'We have to tackle better': Penn State runs through Michigan en route to first win

Angelique S. Chengelis
The Detroit News

Ann Arbor — It is difficult to know where to look first under the hood of this Michigan football team, mainly because there are so many parts missing or working well.

There isn’t enough time to rebuild this season, which seemed to chug forward in a triple-overtime win a week earlier but stalled like a clunker against Penn State, a team that was winless.

Michigan head coach Jim Harbaugh looks down at the field late in the fourth quarter.

Penn State took advantage of Michigan’s poor tackling and the inability of the offense to consistently convert on third-and-short during a 27-17 victory over the Wolverines on Saturday at Michigan Stadium. Michigan is now 2-4 this season and 0-3 at home. Penn State is 1-5.

BOX SCORE: Penn State 27, Michigan 17

“Obviously it’s not the outcome we wanted,” right tackle Andrew Stueber said. “It’s tough to be in this position. It’s not what we imagined. As an older guy on the team, you’ve really got to keep everybody up, keep pressing on. Coach (Jim) Harbaugh after the game said to keep pressing on, moving forward. You’ve got to keep getting better, come with the mindset to work.

“There’s definitely no quit in this team, there’s no question in that.”

But there are considerable deficiencies, particularly on defense, which was plagued by missed tackles.

Penn State quarterback Sean Clifford, who entered the game with eight interceptions, was error-free against Michigan and was 17-of-28 for 163 yards. He also ran for 73 yards on nine carries and had a touchdown. Keyvone Lee rushed for 134 yards on 20 carries and had a touchdown. Backup quarterback Will Levis also ran for a score.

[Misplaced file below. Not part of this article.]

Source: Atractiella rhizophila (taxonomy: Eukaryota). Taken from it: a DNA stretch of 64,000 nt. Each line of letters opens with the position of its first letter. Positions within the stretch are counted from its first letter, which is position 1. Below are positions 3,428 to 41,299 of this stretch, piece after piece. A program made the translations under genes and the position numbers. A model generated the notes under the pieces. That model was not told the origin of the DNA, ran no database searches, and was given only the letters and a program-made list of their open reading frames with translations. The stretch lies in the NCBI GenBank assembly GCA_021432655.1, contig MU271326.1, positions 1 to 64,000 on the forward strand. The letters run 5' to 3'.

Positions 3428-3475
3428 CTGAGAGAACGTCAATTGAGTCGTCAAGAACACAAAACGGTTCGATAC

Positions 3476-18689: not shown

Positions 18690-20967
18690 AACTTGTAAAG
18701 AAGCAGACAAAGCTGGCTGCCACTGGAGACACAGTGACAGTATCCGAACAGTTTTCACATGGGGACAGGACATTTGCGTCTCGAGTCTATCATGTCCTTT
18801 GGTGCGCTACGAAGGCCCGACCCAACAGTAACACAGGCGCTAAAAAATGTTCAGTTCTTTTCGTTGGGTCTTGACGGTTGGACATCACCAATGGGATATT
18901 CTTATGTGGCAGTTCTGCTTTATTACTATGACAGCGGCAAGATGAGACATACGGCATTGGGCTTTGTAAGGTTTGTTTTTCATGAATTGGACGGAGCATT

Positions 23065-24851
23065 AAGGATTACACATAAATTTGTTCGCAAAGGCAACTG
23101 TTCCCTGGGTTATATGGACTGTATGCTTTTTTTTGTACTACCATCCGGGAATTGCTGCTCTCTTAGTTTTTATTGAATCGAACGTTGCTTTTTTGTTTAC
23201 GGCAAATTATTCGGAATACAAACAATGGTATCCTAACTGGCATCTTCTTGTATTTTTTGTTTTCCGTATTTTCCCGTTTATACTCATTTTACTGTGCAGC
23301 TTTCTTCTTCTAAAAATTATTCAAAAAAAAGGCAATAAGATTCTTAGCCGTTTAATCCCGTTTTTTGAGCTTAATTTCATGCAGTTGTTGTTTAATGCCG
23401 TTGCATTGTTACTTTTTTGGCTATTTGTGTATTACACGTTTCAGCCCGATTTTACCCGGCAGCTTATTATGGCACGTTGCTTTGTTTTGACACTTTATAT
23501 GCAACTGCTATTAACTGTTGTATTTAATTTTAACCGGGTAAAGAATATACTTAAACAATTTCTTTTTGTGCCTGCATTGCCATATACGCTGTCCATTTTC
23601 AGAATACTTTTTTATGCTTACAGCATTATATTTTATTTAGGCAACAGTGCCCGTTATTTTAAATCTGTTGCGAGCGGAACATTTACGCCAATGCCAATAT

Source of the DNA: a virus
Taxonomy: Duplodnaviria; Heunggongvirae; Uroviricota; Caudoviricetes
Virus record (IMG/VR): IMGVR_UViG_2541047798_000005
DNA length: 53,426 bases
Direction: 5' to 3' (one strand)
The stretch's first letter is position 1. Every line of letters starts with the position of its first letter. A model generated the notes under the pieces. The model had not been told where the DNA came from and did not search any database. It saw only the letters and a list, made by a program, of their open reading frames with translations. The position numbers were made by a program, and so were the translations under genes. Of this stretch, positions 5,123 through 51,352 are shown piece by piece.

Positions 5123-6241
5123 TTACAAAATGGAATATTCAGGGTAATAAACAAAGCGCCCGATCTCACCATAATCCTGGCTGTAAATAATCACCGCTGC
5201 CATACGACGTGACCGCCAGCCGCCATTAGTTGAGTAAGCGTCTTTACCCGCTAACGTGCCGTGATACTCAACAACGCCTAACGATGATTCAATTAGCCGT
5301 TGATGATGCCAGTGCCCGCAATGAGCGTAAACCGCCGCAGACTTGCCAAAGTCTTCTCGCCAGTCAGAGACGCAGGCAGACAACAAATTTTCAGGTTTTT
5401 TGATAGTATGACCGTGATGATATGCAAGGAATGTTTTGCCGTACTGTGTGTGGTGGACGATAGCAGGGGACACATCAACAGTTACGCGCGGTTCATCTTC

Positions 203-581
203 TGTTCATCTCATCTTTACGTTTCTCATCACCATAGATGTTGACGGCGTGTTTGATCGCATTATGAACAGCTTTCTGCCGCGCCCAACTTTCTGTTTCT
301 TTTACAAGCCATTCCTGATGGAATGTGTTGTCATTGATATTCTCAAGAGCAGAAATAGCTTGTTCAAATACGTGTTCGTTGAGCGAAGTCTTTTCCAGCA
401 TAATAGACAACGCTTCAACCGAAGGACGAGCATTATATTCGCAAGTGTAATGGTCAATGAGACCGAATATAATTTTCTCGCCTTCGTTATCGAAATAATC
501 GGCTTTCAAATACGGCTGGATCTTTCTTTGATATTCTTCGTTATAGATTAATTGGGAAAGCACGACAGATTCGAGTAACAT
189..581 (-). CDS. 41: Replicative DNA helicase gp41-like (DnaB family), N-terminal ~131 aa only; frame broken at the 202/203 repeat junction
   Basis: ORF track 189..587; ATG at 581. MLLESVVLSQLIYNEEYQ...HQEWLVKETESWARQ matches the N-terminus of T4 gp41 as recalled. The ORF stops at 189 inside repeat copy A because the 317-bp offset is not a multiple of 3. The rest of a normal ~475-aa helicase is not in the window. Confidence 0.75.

The Nittany Lions finished with 254 rushing yards and three touchdowns, the second biggest rushing total Michigan has allowed this season. Wisconsin gained 341 rushing yards in a 49-11 victory over the Wolverines Nov. 14.

“We definitely got hurt throughout the game on the slant route, the quarterback draw and perimeter screens,” Harbaugh said. “We didn’t tackle nearly good enough, as well. Coming up with the right call at the right time to get the stop and also make the tackle to get our defense off the field, we came up short.”

Michigan wide receiver Mike Sainristil fumbles a punt that was recovered by Penn State safety Drew Hartlaub (37) in the second quarter.

The Nittany Lions entered the game 124th nationally in turnover margin — Clifford had eight interceptions and the team had five fumbles — but were turnover-free against Michigan. The Wolverines, meanwhile, had two fumbles and lost one when Mike Sainristil misplayed a punt return, leading to the Nittany Lions’ final points of the first half, a 22-yard field goal.

Michigan entered with a defense ranked 91st yielding an average 437.8 yards a game. Penn State finished with 417 yards.

Defensive lineman Taylor Upshaw wasn’t prepared to do an autopsy on the defensive performance without seeing the film, but there was one aspect that was glaringly absent.